Russian language begins at Jamestown College in springThe art of communication is full force on this, the last weekend before Election Day. Most of us are so weary of hearing what this candidate says and what the other candidate says in response.
By: Sharon Cox, The Jamestown Sun
The art of communication is full force on this, the last weekend before Election Day. Most of us are so weary of hearing what this candidate says and what the other candidate says in response.
Thankfully, they are speaking English and we understand most of what they say. I know first-hand the difficulties of being in a country where I could not speak the language and was not understood.
Fortunately, students in secondary schools are offered, and many are required to take, at least one foreign language class. A second language is strongly recommended once in college.
Jamestown College has always taken its role instructing foreign languages very seriously. It offers German, Spanish and French languages every year. Latin is taught on a regular basis and when visiting professors are on campus, Mandarin Chinese.
And soon, another language is coming aboard that may meet specific needs of many North Dakotans whose ancestors were Germans from Russia. The Russian mother tongue is scheduled for spring 2013.
Dr. Connie Palylyk announced recently that next semester she is on the schedule to teach Russian. The multilingual Palylyk will be teaching an introductory course, at 3-hours college credit. She said the class will be conducted during three days each week beginning Jan. 14 at 2 p.m. on Mondays, Wednesdays and Fridays.
Text books will be required and a minimum number of students must be registered in the class.
Pre-enrollment is essential for the class to become reality.
Anyone planning a trip to the Soviet Union or anyone planning to go into diplomatic service areas would benefit greatly from the study.
If anyone is interested in taking the class, please contact the Jamestown College registrar Mike Woodley at firstname.lastname@example.org.
Palylyk said there will be songs to augment the languages.
“Do be prepared to learn a few Russian ditties with which to confound clientele in local establishments and annoy all and sundry in general,” she quipped.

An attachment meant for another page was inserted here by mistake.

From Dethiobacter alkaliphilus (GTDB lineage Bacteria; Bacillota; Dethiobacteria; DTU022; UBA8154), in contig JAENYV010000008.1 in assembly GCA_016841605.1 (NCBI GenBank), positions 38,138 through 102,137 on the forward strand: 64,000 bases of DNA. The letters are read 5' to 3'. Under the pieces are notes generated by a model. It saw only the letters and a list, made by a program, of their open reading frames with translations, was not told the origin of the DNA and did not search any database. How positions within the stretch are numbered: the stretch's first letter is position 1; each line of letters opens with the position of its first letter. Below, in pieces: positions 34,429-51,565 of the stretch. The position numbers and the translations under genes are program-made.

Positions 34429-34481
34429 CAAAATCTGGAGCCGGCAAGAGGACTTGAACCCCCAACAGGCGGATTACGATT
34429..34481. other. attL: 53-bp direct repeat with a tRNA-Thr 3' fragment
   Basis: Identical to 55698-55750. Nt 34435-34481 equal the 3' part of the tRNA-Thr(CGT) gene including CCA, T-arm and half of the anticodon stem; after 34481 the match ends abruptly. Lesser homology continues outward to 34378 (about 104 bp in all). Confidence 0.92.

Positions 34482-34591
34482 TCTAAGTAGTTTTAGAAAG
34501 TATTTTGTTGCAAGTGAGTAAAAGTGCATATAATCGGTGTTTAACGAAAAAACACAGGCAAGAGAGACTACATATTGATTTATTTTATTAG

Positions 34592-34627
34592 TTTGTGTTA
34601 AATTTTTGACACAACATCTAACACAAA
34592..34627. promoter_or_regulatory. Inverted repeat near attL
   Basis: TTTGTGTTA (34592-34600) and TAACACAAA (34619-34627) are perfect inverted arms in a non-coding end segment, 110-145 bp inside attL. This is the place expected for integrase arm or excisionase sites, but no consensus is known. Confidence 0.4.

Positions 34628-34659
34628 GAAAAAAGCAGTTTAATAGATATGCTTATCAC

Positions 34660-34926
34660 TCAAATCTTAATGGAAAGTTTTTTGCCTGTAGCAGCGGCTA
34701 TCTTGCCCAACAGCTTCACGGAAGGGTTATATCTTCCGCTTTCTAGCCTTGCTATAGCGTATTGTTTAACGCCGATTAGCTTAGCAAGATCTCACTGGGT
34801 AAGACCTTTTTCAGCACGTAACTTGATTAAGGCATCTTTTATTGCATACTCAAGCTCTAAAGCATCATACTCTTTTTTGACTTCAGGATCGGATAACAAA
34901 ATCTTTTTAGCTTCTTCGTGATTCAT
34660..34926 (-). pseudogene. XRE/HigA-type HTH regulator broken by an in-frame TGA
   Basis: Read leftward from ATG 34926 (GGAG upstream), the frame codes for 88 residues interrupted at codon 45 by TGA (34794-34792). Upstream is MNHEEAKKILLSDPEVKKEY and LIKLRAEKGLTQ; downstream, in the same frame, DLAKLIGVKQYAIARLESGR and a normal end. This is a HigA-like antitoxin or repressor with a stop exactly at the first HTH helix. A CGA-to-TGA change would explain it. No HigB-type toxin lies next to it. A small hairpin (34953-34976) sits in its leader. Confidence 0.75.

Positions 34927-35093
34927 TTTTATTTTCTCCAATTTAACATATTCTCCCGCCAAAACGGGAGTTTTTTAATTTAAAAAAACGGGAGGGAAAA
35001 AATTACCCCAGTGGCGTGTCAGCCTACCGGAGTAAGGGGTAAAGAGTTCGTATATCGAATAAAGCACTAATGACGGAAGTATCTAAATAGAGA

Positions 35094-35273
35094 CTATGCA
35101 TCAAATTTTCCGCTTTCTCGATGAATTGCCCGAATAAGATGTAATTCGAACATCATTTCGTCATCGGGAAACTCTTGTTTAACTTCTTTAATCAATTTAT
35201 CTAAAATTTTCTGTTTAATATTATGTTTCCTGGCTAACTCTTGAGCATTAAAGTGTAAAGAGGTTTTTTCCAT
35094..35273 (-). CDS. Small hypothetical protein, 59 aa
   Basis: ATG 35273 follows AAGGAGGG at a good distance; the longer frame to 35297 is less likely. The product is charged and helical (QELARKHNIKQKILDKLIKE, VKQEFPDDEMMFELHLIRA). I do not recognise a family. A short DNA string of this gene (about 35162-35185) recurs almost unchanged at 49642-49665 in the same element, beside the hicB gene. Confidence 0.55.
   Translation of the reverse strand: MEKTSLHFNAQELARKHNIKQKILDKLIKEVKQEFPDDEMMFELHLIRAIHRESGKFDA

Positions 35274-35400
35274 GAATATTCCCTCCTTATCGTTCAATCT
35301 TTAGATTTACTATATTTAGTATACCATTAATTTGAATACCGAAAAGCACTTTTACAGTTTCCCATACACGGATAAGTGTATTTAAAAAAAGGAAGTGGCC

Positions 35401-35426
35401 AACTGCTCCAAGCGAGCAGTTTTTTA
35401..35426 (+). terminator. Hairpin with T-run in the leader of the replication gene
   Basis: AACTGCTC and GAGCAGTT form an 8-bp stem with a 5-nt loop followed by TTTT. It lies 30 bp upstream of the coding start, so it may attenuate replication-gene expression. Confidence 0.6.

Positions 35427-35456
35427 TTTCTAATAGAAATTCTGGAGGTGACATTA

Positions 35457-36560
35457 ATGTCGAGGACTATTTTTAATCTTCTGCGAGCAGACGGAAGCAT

Palylyk’s ancestors came to North America from the Eastern European Block, where encountering the language was a regular part of life.
She is fluent in many languages and Russian is one that Jamestown College hasn’t offered, but she has been asked to teach it by faculty and students alike. She has participated in a number of special events including Korean and Chinese events.
She, like all the faculty at JC, has a wealth of information, experiences and knowledge about other traditions, cultures and languages. And also like the foreign language faculty, she has a wonderful sense of humor and her mannerisms fit the study and make the classes conversational and an enjoyable learning experience.
For anyone who plans a trip to the eastern block or to Russia, a course in the language is invaluable. Like trying to read the characters on direction signs in Asia, the Russian alphabet contains letters unfamiliar in the U.S. Trying to get around there is made far easier when there’s at least a traveler’s skill for travel.
You will learn how to read Cyrillic and put together the words. That will be the minimum expectations from the class. She will include some easy methods of learning this upper tier language. And why anyone would want to learn Russian, her answer is quite lovely:
“Language is what informs our mentality, our main manner of constant self-expression... it’s always fascinating to see why others are ‘other’ to us, to understand their similarities as well.”
If anyone has an item for this column, please send to Sharon Cox, PO Box 1559, Jamestown, ND 58402-1559.